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Open access

Mikiko Takahashi, Yusuke Tomita, Shoko Merrit Yamada, Kazuto Yamazaki, Hideaki Yokoo, Tatsuya Aso, and Masashi Kawamoto

BACKGROUND

Diffuse midline glioma H3 K27M-mutant is a distinct subtype of glial tumors newly introduced in the revised fourth edition of the World Health Organization Classification of Tumours of the Central Nervous System. They are aggressive pediatric tumors with a poor prognosis but have also been reported in adults.

OBSERVATIONS

The authors present the case of a man in his 60s who presented with rotatory vertigo, taste disorder, and right facial paralysis. Magnetic resonance imaging showed a tumor expanding from the cerebellum to the pons, which was histologically identified as glioblastoma, grade IV, IDH wild type. After tumor resection, the patient received chemoradiotherapy but showed only a partial response. His condition gradually worsened, and he died of progressive disease 12 months postoperation, after which an autopsy was performed. Tumor cells with a high nuclear-to-cytoplasm ratio were immunohistochemically analyzed and found to test positive for H3 K27M and negative for H3 K27me3. Furthermore, mutational analysis revealed HIST1H3B K27M mutation, and the tumor was finally identified as a high-grade glioma H3 K27M-mutant. The tumor invaded widely along the cerebral ventricle and disseminated to the spinal cord.

LESSONS

When a glioblastoma shows localization or dissemination patterns different from those of typical glioblastoma, an H3 K27M-mutant glioma should be suspected.

Open access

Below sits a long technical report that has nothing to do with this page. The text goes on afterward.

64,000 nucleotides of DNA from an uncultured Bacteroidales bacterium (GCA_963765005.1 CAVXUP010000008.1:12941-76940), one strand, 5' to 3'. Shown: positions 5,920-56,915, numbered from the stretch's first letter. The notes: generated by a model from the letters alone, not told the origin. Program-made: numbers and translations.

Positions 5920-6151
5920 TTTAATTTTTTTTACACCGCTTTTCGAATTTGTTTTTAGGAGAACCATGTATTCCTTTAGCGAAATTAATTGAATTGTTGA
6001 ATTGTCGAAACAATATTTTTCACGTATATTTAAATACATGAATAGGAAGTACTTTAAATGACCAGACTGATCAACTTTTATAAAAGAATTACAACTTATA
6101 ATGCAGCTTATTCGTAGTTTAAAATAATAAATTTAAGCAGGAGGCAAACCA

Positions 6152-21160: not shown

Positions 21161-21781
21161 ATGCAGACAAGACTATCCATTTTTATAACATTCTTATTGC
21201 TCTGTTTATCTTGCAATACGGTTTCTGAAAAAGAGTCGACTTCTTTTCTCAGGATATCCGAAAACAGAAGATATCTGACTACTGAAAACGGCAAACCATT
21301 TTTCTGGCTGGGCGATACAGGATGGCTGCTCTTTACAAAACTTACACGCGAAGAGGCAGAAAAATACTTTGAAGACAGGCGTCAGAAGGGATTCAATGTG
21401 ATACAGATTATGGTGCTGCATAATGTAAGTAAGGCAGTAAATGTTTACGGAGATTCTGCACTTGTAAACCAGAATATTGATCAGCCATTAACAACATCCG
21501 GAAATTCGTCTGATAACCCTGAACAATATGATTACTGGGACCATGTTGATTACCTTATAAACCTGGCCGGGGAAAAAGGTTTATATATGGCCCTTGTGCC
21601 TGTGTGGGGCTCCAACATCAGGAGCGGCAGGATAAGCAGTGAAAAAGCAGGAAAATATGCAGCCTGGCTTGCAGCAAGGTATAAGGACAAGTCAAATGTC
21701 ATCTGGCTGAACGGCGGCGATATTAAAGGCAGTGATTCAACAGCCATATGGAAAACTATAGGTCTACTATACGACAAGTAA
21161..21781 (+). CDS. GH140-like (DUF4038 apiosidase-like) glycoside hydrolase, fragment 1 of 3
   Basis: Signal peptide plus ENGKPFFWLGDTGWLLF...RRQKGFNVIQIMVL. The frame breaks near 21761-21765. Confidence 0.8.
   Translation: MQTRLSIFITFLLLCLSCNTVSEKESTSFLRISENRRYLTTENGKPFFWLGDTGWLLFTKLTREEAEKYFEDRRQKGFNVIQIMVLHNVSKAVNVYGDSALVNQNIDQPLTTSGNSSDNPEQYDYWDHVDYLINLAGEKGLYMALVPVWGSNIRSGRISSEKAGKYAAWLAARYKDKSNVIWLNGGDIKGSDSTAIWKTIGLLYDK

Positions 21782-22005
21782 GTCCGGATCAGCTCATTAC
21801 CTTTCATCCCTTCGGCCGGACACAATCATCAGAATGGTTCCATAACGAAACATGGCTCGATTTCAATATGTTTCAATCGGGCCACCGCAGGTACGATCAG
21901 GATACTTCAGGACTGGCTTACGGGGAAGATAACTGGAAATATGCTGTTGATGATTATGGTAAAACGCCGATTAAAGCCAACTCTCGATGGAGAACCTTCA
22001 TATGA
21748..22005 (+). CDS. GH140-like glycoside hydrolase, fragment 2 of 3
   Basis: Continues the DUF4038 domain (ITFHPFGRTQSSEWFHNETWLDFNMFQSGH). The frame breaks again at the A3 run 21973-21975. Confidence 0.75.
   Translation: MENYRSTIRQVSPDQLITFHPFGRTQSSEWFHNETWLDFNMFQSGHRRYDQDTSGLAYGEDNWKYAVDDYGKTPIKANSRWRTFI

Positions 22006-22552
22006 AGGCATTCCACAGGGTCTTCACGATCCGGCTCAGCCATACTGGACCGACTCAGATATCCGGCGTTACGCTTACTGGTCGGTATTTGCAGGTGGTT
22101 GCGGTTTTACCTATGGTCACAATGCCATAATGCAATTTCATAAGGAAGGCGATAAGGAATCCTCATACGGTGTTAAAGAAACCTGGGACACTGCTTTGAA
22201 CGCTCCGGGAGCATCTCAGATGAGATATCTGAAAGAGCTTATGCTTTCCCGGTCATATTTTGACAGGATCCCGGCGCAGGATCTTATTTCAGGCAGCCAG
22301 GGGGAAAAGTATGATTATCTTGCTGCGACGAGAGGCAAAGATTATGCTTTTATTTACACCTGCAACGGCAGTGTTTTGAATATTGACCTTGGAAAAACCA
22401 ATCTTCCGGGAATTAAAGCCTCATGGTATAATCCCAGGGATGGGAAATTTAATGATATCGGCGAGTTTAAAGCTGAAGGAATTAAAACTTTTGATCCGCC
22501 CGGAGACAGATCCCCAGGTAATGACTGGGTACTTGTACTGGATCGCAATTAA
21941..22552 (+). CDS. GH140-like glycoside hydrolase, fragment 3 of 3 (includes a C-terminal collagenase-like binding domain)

Giuseppe Talamonti, Erika Ferrari, and Giuseppe D’Aliberti

BACKGROUND

Classic treatment of Chiari malformation type 1 consists of foramen magnum decompression. Selected patients may require occipitocervical fixation, transoral odontoidectomy, tonsillectomy, and so forth. Treatment standardization does not yet exist, and some patients risk being overtreated.

OBSERVATIONS

A 20-year-old man with headache and Chiari malformation type 1 underwent extradural bone decompression. One year later, he was managed with the extradural section of his filum terminale. Eighteen months later, the patient underwent monitoring of intracranial pressure, occipitocervical stabilization, transoral odontoidectomy, minimally invasive subpial tonsillectomy, and occipital cranioplasty. His headache never changed, and he progressively developed hemiparesis and swallowing and respiratory disturbances. Two years later, a new magnetic resonance imaging scan showed extended syringomyelia with scarce peritonsillar subarachnoid space. The umpteenth operation consisted of the removal of a constricting epidural scar, arachnoid dissection, total tonsillectomy, creation of a wide subarachnoid space, and dural sac augmentation. The patient’s initial postoperative course was smooth, and his headache improved. However, 8 days after surgery, the patient acutely presented with vegetative disturbances and died because of malignant brainstem edema of unknown origin.

LESSONS

The story of this patient is not so uncommon. He underwent all the possible surgical treatments rather than a timely adequate osteodural decompression. Probably, he received less with more.

Open access

Melissa M. J. Chua, Stanley F. Bazarek, David M. Meredith, Liangge Hsu, and Stephen C. Saris

BACKGROUND

Chondromas are benign cartilaginous tumors that are rarely seen in the brain.

OBSERVATIONS

A 58-year-old woman had undergone routine brain imaging after a motor vehicle accident and was incidentally found to have a right falcine lesion. Contrast magnetic resonance imaging showed a mostly nonenhancing mass with discontinuous rim enhancement. She was taken to the operating room and pathology revealed a chondroma.

LESSONS

Falcine intracranial chondromas are rare and typically misdiagnosed as meningiomas. Chondromas should be in the differential for patients presenting with nonenhancing falcine lesions.

Open access

Vit Kotheeranurak, Phattareeya Pholprajug, Guang-Xun Lin, Pritsanai Pruttikul, Wicharn Yingsakmongkol, Tawechai Tejapongvorachai, and Jin-Sung Kim

BACKGROUND

This study aimed to describe the least invasive surgical technique of endoscopic decompression for thoracic myelopathy caused by ossification of the ligamentum flavum (OLF) and to review the literature available on the diagnosis and treatment of OLF.

OBSERVATIONS